As for Prop 16, in case you didn’t notice, most states don’t have a comparable state amendment. So California would be as open to racial discrimination as… most of the rest of the US. Oh, shivers down my spine.

    When you over-sell things like this, it damages your credibility.

    1. When workers sign up as contractors, knowing they are signing up as contractors, why is it any of your or the government’s business to tell them they were wrong?

      Why can’t you and the state just leave people alone?

      1. By that logic, why have a minimum wage at all? If you’re going to have a minimum wage law, companies shouldn’t be able to buy themselves a legal loophole to get around it.

        1. “why have a minimum wage at all?”

          No good reason. It reduces employment and the cost of living just increases in response, leaving the worker no better off.

          1. You might be disappointed to learn that vast numbers of empirical papers have been written about both proposition, and have overwhelmingly rejected both hypotheses.

            1. No, they haven’t.

              1. I guess we’re going to have to disagree about the state of reality, then.

              2. (I was going to send you a literature review, but there are basically more literature reviews and meta-studies on the effect of the minimum wage than there are original studies on many other important issues. So here, pick your own.

      2. First-off, I didn’t actually endorse any positions here. Whether the props pass or fail isn’t going to be nearly as big a deal as Somin wants you to think.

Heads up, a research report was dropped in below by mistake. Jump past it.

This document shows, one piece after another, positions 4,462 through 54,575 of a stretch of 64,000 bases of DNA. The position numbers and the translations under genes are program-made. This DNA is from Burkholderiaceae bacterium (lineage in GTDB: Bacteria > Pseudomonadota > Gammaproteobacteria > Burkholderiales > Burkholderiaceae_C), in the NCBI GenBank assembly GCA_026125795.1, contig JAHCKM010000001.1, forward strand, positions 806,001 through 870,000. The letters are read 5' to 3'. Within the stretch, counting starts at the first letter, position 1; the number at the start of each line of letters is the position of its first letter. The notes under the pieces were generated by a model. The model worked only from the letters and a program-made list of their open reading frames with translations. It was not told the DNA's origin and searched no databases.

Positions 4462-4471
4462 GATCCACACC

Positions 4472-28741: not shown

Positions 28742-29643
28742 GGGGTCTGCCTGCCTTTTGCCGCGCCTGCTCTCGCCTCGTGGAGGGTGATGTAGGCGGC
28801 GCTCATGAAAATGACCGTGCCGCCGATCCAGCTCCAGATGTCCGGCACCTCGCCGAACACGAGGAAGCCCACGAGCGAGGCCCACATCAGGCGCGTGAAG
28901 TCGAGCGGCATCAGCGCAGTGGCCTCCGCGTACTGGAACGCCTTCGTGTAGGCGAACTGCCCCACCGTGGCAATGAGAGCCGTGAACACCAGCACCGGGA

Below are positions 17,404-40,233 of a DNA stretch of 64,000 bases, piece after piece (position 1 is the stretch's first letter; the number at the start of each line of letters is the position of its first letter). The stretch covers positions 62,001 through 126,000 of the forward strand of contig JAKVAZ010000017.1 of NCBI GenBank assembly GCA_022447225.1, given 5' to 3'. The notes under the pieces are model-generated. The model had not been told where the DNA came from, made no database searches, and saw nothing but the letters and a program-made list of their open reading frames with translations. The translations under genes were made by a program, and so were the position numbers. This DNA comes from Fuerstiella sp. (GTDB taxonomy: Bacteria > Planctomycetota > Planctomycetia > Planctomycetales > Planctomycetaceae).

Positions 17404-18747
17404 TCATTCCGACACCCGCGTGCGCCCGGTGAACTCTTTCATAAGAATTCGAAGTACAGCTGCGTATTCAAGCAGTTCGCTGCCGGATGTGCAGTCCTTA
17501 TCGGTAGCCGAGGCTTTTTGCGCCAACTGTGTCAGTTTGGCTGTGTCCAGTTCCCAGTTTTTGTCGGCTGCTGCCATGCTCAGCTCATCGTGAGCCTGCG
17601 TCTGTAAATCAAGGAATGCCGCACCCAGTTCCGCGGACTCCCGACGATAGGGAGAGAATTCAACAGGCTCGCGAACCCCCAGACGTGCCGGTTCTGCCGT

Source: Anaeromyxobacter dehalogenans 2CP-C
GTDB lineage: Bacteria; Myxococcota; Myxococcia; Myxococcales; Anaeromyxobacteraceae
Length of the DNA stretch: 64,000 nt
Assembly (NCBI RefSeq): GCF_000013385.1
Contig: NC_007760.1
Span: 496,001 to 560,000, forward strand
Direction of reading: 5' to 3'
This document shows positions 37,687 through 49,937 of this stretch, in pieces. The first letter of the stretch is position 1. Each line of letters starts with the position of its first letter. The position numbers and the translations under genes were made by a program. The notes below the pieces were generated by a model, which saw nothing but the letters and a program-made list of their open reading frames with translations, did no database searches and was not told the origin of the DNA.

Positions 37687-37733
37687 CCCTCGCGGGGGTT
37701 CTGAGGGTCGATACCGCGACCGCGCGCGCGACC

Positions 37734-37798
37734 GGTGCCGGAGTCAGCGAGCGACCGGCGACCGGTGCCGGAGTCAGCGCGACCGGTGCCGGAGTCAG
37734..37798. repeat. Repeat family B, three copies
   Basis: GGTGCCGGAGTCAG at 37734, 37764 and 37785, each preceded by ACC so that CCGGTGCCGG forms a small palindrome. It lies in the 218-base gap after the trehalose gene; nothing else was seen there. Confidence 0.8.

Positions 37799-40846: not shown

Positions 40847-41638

Second-off, “rose by any other name” and all that jazz.

        Third-off, we saw what happened when the state turned a blind-eye towards folks signing away whatever rights the boss wanted them to. We have things like OSHA, child labor laws, union rights, and so-on now, because what we saw was pretty fucking awful.

      3. “Or are people really supposed to be outraged that businesses that make millions off the “gig economy” might have to treat their de facto employees as employees?”

        1. Not everybody wants to be treated like an employee.
        2. They don’t have to treat them as employees. They can terminate the relationship, as happened to many freelance writers when the law passed.

        1. 1. Not everyone wants to make $7.25 per hour. O, wait…
          2. They don’t have to treat them as employees. They can terminate the relationship, as happened to many employees when the law passed. O, wait…

          1. “They can terminate the relationship, as happened to many employees when the law passed. O, wait…”

            Sigh. Fine, as happened to many freelancers when the law passed. Better?

            1. My point was that the effect of minimum wage laws (and similar) on employment is slim to none, as far as any empirical studies have been able to tell.